A wonderfully twisty plot holds readers' attention, but the greatest joy comes from the characters as police and criminals move toward personal and professional reckonings. Pronko deftly moves Hiroshi from crime solving to coping with the hormonal Ayana and her mother. Hiroshi also must work with his fellow detectives, such as the old-fashioned detective Takamatsu with a penchant for European clothes and Ishii, a female detective who is both progressive and traditional. Pronko likewise crafts criminals who prove just as well-limned, stirring reader sympathy for the criminal Takuya, and hope for his redemption rather than his capture. The subtly effective character development elevates the story far beyond the usual police procedural.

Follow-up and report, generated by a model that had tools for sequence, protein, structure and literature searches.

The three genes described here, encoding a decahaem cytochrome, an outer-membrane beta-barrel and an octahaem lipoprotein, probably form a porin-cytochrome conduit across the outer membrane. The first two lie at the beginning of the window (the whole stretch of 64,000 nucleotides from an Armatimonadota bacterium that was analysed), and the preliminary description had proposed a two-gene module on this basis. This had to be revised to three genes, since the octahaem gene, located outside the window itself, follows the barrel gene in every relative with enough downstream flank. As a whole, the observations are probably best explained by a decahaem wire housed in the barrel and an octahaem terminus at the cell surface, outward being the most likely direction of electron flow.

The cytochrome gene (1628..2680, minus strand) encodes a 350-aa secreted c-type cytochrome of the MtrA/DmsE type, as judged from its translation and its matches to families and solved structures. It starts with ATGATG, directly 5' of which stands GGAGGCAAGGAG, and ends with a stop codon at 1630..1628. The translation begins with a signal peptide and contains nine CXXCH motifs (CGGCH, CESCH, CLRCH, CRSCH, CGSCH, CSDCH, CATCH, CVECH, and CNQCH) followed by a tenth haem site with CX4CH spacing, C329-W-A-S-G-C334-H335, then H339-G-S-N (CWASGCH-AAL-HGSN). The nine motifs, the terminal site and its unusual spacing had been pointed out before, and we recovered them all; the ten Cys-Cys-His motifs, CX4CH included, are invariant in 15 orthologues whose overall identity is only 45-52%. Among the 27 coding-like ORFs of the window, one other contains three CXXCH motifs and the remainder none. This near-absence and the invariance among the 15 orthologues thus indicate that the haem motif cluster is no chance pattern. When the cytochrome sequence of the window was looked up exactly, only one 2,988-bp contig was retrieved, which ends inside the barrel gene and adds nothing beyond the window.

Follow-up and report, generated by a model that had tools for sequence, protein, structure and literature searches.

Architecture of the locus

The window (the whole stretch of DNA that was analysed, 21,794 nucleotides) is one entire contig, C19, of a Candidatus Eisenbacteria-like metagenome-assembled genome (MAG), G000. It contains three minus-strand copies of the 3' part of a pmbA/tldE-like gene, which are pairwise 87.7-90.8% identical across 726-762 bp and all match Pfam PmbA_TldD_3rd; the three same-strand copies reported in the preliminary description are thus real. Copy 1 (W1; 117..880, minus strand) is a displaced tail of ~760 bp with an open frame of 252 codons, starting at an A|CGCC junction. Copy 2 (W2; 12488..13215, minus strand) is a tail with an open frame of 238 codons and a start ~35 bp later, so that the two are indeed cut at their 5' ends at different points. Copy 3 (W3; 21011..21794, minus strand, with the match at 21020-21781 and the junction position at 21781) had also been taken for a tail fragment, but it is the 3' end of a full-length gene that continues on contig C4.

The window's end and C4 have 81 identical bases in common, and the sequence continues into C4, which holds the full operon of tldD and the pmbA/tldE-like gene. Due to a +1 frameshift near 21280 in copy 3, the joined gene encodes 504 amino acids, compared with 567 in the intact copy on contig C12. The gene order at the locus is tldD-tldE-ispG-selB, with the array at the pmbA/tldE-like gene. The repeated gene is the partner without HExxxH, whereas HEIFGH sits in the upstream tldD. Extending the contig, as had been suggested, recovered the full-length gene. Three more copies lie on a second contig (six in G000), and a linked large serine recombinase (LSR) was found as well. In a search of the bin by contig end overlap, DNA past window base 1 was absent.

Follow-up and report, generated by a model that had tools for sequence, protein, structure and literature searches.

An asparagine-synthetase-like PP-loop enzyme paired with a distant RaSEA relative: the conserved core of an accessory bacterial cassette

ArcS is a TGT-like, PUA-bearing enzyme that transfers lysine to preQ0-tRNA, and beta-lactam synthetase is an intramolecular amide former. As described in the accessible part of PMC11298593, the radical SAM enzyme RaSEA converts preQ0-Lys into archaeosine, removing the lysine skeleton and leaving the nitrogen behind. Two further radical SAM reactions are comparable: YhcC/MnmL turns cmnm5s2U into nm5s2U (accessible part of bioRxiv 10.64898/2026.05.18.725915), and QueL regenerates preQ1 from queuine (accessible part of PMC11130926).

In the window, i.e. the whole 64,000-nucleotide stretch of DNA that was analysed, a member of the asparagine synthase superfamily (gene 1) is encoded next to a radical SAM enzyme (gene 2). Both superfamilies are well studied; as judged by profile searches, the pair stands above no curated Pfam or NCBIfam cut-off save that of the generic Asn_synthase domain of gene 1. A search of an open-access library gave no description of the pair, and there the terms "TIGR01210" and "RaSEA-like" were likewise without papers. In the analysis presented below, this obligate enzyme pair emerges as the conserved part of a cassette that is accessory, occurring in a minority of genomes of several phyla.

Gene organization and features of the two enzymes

The best character may be Tokyo itself, which Pronko neatly introduces to Western readers, from old-fashioned ramen restaurants with their dingy charm to the skyscrapers homogenizing the city. Pronko does as good a job of taking us on a trip through Tokyo—and a sweet and mournful journey it is—as Simenon does through Inspector Maigret's Paris. He also suffuses the story with Japanese ritual and tradition. The overall effect is a book that operates on multiple levels—and is successful with each of them. The clever plot, engaging characters and haunting themes will stay with readers long after they read the last page.
Takeaway: Clever, haunting procedural with a resonant cast and a vivid Tokyo milieu.
Comparable Titles: Keigo Higashino; Georges Simenon.
Design and typography: A
Marketing copy: A-